Back When the Past had a Future: Being Precarious in a Network Society

Posted by Nishant Shah at Feb 12, 2013 05:40 AM |
We live in Network Societies. This phrase has been so bastardised to refer to the new information turn mediated by digital technologies, that we have stopped paying attention to what the Network has become. Networks are everywhere. They have become the default metaphor of our times, where everything from infrastructure assemblies to collectives of people, are all described through the lens of a network.

This article by Nishant Shah was published in a peer-reviewed newspaper Researching BWPWAP. The write-up is on Page 3.

We are no longer just human beings living in socially connected, politically identified communities. Instead, we have become actors, creating archives of traces and transactions, generating traffic and working as connectors in the ever expanding fold of the network.

The network is an opaque metaphor, conflating description and explanation. So it becomes the object to be studied, the originary context that produces itself, and the explanatory framework that accounts for itself. In other words, the network was our past – it gives us an account of who we were, it is our present – it defines the context of all our activities, and it is our future – where we do everything to support the network because it is the only future that we can imagine for ourselves. It is this flattening characteristic of networks that are diagrammatically mapped, cartographically reproduced, and presented outside of and oblivious to temporality, that produces a condition of the future that can no longer be imagined through our everyday lives.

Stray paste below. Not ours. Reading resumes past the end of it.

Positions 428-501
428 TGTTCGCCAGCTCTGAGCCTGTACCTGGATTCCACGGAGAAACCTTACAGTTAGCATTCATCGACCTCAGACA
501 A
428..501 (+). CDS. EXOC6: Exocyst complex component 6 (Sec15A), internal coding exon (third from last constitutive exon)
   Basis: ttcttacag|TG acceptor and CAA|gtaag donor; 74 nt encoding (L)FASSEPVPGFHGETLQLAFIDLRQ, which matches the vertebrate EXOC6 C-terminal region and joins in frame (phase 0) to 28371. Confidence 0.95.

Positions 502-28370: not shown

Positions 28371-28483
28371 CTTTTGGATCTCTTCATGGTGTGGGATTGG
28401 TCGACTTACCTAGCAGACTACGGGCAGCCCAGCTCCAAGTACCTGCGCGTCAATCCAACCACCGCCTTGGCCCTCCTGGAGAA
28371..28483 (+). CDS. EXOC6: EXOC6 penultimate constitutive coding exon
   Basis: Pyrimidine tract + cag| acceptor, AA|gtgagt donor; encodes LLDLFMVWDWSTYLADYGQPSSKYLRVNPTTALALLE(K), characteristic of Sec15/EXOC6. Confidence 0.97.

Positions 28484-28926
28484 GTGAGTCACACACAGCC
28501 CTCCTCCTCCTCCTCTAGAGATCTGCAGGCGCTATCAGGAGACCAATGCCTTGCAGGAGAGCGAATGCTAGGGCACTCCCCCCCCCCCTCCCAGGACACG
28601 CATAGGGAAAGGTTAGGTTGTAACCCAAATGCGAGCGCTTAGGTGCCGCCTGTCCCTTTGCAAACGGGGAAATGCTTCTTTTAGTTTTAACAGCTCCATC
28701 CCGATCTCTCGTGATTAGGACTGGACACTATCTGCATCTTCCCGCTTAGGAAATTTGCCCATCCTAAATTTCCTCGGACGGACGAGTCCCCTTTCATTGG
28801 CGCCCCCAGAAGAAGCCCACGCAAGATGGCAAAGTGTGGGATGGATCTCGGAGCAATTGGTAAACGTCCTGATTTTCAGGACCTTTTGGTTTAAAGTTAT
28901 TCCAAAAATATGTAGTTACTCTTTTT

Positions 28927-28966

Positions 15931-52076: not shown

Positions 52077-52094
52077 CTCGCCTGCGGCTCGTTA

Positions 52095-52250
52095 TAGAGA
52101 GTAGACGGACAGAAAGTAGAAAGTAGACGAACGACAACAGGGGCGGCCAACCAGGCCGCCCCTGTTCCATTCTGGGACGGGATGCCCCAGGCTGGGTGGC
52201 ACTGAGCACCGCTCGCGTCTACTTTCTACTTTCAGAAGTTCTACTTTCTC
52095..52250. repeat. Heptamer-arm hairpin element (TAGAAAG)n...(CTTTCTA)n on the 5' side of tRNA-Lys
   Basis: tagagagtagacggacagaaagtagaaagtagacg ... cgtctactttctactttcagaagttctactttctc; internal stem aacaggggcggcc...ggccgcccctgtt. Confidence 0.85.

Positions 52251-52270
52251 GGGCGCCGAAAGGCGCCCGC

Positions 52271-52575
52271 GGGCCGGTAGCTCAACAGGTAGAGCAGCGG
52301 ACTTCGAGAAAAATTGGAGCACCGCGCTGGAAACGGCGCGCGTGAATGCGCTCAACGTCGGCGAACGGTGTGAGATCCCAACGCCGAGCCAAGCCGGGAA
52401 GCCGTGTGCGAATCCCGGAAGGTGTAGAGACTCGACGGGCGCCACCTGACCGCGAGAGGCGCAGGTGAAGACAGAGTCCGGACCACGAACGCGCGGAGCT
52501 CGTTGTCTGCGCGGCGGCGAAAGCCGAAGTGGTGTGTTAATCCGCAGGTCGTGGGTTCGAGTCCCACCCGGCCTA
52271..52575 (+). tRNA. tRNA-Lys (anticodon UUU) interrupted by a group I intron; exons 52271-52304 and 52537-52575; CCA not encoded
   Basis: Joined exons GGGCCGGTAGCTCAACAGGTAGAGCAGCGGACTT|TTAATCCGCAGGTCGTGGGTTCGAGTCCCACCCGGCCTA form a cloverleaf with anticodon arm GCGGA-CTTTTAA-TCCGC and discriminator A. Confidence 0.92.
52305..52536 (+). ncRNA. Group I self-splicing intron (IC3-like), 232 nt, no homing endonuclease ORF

Networks neither promise nor deliver a flattened utopia of coexistence and decentralised power. Networks are, in fact, quite aware of the structures of inequity and conditions of privilege they create and perpetuate: the only way to recognise the existence of a network is to be outside of it, the only aspiration to belong to a network is to be kept outside of it when you recognise it. Networks create themselves as simultaneously ubiquitous and scarce, of everpresent and ephemeral, creating a new ontology for our being human – an ontology of precariousness, contingent upon erasure of our histories, archives of our present, and unimaginable futures; futures we are not ready for, and don’t have strategies to occupy.

I remember the times, before networks became the default conditions of being human, when kids, negotiating the variegated temporalities of their past-present-futures, would often begin their speculations on future, by saying, "When I grow up...". In that hope of growing up, was the potential for radical political action, the possibility of social reconstruction. In network societies, though, time has no currency. It has been replaced by attentions, flows of information and actions, and do not offer a tomorrow to grow into.

There is no future to help mitigate the exigencies of the present. And with the overwhelming emphasis on archiving the present, there is no more a coherent future that can be accounted for in the vocabulary that the network develops to explain itself, and the hypothetical world outside it.


Nishant Shah

Dr. Nishant Shah is the co-founder and board member of the Centre for Internet and Society in Bangalore, India, and is a professor at the Institute of Culture and Aesthetics of Digital Media at Leuphana University in Germany, and is Dean of Research at ArtEZ Graduate School, the Netherlands.